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China's hard landing not likely, but still possible: report

All Headlines 11:00 August 31, 2016

SEOUL, Aug. 31 (Yonhap) -- The Chinese economy is showing signs of improvements centered around growth in its domestic consumption, but the possibility of a hard landing still lingers due to growing corporate debts, a South Korean think tank said Wednesday.

In a report, the Korea Economic Research Institute (KERI) noted the possibility of China's hard landing has been somewhat reduced on a rise in local spending.

"Initially, there had been concerns that China's economic restructuring might create a hindrance to its growth, but such risks are being gradually reduced on a rise in consumption that has become a strong growth factor and positive outcomes of restructuring," the report said.

The Chinese government has also successfully worked to lessen the possibility of a hard landing by reducing the debts of the country's regional governments, it noted.

The debt ratio of China's rural governments came to 9.9 percent as of end-2015, compared with 22.8 percent two years earlier.

Despite reduced risks of a hard landing stemming from China's public sector, those from its private sector still remain high, the report said.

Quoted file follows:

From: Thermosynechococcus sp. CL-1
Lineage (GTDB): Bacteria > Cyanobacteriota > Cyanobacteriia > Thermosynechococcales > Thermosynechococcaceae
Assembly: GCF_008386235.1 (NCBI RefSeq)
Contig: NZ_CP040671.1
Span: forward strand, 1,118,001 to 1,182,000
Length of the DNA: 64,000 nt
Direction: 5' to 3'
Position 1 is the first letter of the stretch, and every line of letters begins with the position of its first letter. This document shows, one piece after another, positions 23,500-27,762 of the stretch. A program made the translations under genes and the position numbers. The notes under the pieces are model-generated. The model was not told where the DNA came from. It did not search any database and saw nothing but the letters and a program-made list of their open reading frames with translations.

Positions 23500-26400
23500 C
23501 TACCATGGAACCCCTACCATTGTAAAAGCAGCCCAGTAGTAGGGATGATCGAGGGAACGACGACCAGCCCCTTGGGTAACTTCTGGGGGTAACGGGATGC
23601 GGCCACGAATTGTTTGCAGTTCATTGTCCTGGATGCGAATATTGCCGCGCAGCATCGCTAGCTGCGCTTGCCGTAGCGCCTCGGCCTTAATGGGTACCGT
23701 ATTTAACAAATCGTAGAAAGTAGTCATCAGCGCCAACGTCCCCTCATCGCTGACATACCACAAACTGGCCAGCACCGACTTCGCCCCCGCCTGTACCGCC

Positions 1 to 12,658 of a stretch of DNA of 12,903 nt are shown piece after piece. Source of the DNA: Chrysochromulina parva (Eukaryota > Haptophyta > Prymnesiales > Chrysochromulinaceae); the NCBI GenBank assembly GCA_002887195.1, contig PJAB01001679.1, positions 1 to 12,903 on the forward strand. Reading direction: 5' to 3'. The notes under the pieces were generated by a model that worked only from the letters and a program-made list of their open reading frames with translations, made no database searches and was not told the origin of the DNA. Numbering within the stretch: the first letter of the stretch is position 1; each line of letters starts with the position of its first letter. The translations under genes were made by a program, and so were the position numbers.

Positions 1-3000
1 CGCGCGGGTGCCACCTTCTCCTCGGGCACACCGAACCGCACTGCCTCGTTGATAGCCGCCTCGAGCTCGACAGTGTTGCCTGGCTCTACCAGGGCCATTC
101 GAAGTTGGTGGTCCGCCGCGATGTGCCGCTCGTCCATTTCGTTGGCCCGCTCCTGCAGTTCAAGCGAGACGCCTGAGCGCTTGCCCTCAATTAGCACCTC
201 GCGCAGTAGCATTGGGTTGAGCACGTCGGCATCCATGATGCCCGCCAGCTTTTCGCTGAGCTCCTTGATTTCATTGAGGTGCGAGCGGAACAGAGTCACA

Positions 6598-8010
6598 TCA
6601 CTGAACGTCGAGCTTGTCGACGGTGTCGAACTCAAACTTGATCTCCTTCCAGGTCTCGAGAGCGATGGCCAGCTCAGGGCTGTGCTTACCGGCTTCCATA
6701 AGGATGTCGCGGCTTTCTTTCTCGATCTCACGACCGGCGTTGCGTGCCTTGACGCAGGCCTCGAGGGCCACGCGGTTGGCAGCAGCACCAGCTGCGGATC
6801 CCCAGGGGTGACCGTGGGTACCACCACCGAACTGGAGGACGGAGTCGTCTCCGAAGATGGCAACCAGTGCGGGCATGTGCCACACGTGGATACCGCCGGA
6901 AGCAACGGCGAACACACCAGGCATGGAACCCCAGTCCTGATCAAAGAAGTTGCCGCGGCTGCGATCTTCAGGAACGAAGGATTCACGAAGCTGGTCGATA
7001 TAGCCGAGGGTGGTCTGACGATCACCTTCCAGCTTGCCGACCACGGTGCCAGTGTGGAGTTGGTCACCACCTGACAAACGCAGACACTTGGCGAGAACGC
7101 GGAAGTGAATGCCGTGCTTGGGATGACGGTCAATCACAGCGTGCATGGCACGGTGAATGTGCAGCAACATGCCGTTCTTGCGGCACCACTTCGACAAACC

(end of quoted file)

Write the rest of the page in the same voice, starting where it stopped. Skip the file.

The average debt ratio of Chinese companies stood at 170.8 percent at the end of last year, significantly higher than the average 71.2 percent for American companies and 102.8 percent and 101.3 percent for companies in Europe and Japan, respectively.

"Also, out of all corporate loans that are near their maturity, the largest portion of 35.6 percent were owed by China's real estate sector," the report said.

"As the Chinese government remains well prepared, it may help prevent the possibility of corporate loans causing a financial crisis, but a contraction in the real estate market amid the growing insolvency of marginal firms cannot but raise the possibility of a hard landing," it added.

A Chinese hard landing could create serious problems for South Korea and other neighboring economies.

It said a 1 percent drop in China's gross domestic product (GDP) could trigger a 0.37-percent reduction in South Korea's own GDP, the third largest figure after a 0.4-percent cut in Australia's GDP and a 0.39-percent reduction in Taiwan's GDP, according to the report. KERI is a private think tank run by the Federation of Korean Industries, the largest business lobby in South Korea that represents the country's top 600 firms.


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